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What Should You Have in Your Veterinary Crash Cart?

by Lori Hehn - June 12, 2018 at 9:16 AM
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A Veterinary emergency is inevitable. Being prepared and staying calm are the most important things you can do to make sure the patient is properly treated, with the goal being to provide efficient stabilization.

It is important to have a "crash cart" or central box at the emergency veterinary hospital, that has at least the majority of the basic the supplies you may need for a critical emergency. 

EHR-Tutor-250x275What should you have in your Crash Cart? 

  • Laryngoscope
  • Endotracheal tubes, ties, syringe to inflate cuff
  • IV catheters, tape, t-ports, male adapter, flush
  • Syringes and needles (various sizes)
  • Emergency Drugs:
    • Epinephrine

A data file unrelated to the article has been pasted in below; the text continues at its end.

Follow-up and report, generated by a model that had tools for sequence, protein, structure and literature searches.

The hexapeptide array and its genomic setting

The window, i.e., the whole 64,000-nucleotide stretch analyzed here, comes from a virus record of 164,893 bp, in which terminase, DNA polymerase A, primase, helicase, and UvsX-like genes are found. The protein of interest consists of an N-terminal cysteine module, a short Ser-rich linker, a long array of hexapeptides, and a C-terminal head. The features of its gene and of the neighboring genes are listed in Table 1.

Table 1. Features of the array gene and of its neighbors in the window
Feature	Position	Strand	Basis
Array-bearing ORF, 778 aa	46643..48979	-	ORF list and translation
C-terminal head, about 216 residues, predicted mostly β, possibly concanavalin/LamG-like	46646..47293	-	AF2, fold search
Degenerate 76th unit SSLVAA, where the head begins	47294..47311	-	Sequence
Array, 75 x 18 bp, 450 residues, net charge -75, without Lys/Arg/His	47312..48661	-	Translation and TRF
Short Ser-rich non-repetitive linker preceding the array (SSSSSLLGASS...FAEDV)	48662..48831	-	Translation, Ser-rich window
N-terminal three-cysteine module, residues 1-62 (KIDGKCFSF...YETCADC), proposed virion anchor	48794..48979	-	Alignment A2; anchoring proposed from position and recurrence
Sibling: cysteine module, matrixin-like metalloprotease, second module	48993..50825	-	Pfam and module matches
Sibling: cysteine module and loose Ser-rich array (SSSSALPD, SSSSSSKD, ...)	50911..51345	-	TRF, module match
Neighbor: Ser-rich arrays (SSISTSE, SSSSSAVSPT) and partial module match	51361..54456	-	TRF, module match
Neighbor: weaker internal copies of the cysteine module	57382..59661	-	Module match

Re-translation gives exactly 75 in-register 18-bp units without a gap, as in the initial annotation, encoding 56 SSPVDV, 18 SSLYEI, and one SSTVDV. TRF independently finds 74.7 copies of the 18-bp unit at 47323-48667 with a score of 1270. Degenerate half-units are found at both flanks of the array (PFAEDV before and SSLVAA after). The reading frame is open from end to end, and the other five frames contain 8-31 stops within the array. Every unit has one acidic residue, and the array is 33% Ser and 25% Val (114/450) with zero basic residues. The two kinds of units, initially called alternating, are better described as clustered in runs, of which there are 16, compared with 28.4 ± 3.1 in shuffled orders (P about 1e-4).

• Atropine
    • Naloxone
    • Lidocaine
  • Thoracocentesis supplies
  • Gloves/sterile gloves
  • Gauze
  • Scalpel blades

Oxygen will be needed, as well as ECG and other monitoring equipment. These may not be kept with the crash cart, but they should be quickly accessed during an emergency.

In an emergency or specialty hospital, the crash cart may be more extensive and include additional drugs such as diazepam, dexamethasone, dextrose, calcium, furosemide, dopamine, and atipamezole.

Some clinics may also have a defibrillator and ambu bag available. Suction can be helpful in some instances as well. What other supplies does your hospital keep in the crash cart?

Check back soon for a CPCR (cardiopulmonary cerebral resuscitation) review.

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About Lori Hehn

Lori Hehn is a practicing veterinarian and a contributor and content manager with XPrep Learning Solutions. She has a drive for continual learning and enjoys interacting with veterinary and vet tech students. She also writes veterinary learning books for children.

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